These materials without pictures represent additional safeguards that prevent psychological stress on the user. The words chosen show appreciation for the older participant whose capabilities exceed those of children six years of age who are just learning to read. Example: other books or tapes may use the word “Elephant” to explain pronunciation of the letter “E.” The text very likely includes a picture of the elephant. To provide repair, the materials of this invention avoid the practice of coupling pictures with the words. To do so might be construed as demeaning the intelligence of the older child and adult who conceptually know very well what an elephant looks like and do not need a picture to enhance their understanding of the word. To use the picture, and to put that picture in color, a practice especially targeted toward young children, would be synonymous with placing that learner on the level of the little child. The learner would believe that the instructor of this method and other participants also see him as a child because of his past failure to learn the basic skill taught to little children. Elements of embarrassment would surface and interfere with the person's learning experience, most likely resulting in turning the entire focus of the learning experience into efforts to regain lost dignity. The frustration of older children and adolescents would express itself in disruptive behavior and the learning process would be abandoned. Again, the task of learning the reading code would not be accomplished. Therefore, whatever might be perceived as putting users of this invention on the child's level is avoided.

Additional psychological safeguards occur in the actual selection of words used in the letter sound demonstrations. Some words selected for these materials rely heavily on conceptual capability of the participant rather than on visual perception. An example would be use of the word “Utter” rather than “Umbrella.” “Utter” is an adjective and adverb usually, although it can be a verb. Conceptually, it cannot be pictured mentally nearly as easily as can “Umbrella,” a noun. The mental challenge of understanding the word “utter” increases when compared to understanding the word “Umbrella.” The adult user of this invention probably knows the word “Utter.” The use of words unfamiliar to children tells the adult that this invention is specifically designed for someone other than children. As with the word review exercises, the adult learner can relax and feel validated that he has not been cast in the mold of the “child” or the “ignorant.” Ironically, children adapt to the words selected and are not hindered since they can add their favorite words, such as “cat,” “elephant,” etc., during the interactive word review portions of the method.

A review of the long and short sounds of the vowels finishes the specific use of the written materials. Instructions are given that materials are to be kept in clear view and used for reference throughout the remaining activities of the process.

The eighth step is the application of the learning that has taken place. The instructor demonstrates with nonsense words how one can spell and write words simply by listening to the sounds and writing the letters that the sound represents. The interactive process is again used and participants are given the opportunity to ask the instructor to spell any word phonetically, whether real or nonsense. Then the opportunity is reversed and participants are asked to write on their worksheets nonsense words given by the instructor. Opportunity is then provided for anyone wanting to do so to share his or her spelling. Anytime participants are too shy to volunteer, the instructor proceeds by sounding the word slowly and writing the corresponding letters. A few brave participants, young and old, will usually volunteer to write on the board. This process trains the ear to hear letter sounds and not just whole words. Also, it begins to place participants in the instructor role, a practice especially significant for parents.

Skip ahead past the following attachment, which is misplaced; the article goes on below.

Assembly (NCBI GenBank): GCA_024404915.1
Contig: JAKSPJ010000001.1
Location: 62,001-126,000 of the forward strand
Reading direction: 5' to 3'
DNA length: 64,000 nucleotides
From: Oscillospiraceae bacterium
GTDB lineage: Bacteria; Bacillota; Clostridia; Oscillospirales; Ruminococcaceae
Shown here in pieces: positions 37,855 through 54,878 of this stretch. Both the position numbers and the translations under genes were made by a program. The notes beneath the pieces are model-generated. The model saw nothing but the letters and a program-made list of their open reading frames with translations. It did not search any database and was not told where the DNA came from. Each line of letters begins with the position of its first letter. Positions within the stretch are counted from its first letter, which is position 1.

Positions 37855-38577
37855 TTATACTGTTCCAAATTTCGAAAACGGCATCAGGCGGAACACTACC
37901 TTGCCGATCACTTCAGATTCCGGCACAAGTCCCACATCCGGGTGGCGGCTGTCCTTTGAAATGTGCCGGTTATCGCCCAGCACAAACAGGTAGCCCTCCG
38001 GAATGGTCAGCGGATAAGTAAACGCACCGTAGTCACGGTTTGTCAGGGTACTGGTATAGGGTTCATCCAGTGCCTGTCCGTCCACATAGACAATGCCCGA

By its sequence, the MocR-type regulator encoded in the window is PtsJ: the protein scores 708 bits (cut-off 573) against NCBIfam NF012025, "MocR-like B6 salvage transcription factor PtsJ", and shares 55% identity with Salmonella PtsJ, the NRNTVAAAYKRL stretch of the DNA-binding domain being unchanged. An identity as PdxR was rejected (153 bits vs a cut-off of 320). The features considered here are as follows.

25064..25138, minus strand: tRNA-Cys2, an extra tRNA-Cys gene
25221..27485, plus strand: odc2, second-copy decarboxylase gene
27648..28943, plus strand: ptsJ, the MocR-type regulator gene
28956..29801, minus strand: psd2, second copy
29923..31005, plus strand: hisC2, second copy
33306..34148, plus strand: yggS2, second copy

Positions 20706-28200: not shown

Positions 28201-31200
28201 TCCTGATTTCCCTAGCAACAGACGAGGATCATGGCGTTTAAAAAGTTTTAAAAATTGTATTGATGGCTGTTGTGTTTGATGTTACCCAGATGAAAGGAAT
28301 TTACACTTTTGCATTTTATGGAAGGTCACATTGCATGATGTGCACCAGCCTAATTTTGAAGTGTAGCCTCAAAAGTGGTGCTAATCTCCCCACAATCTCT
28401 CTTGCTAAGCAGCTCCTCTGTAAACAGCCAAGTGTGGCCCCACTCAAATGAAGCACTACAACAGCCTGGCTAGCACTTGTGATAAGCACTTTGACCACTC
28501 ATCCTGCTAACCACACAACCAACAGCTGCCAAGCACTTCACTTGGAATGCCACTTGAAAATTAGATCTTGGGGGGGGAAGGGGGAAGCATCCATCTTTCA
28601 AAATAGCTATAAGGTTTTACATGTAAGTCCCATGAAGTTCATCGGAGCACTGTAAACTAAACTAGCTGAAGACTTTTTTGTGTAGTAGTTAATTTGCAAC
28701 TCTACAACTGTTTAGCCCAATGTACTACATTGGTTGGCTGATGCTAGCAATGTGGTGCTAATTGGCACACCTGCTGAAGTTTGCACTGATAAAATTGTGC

The ninth step is a focus on correction of old habits associated with previous reading instructional methods that were based on memorizing words. Throughout the interactive process described above, the instructor takes every opportunity to explain the difference between phonetic spelling and trying to force whole words that are known into the spelling of unknown words. Repeatedly the focus must be brought back to the participant's writing only what he or she hears. Once this idea is grasped, participants begin to better understand the problems they experienced with trying to memorize words and how that differs from remembering and writing letter sounds. Examples are given of how to merge sounds to make syllables, i.e. “UN”- “DER”.

In the tenth step, the last exercise tests the participant's ability to hear, speak and write correctly the sounds of consonants and long and short vowels as they occur in real words. This final test of abilities comes with the challenge for participants to write out phonetically the longest and hardest word that the instructor can randomly select from the dictionary. Reversing that exercise, participants are asked to pronounce the hardest and longest word from the dictionary for the instructor or other participants to write. Often the enthusiasm is so great that the role of instructor is assumed by participants as they become fully engaged in exchanging words between themselves for writing and pronunciation.

When participants successfully complete the final test, they are awarded certificates of competence indicating they have learned the code for phonetic reading.

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U.S. Classification434/178, 434/167
International ClassificationG09B1/02
Cooperative ClassificationG09B1/02
European ClassificationG09B1/02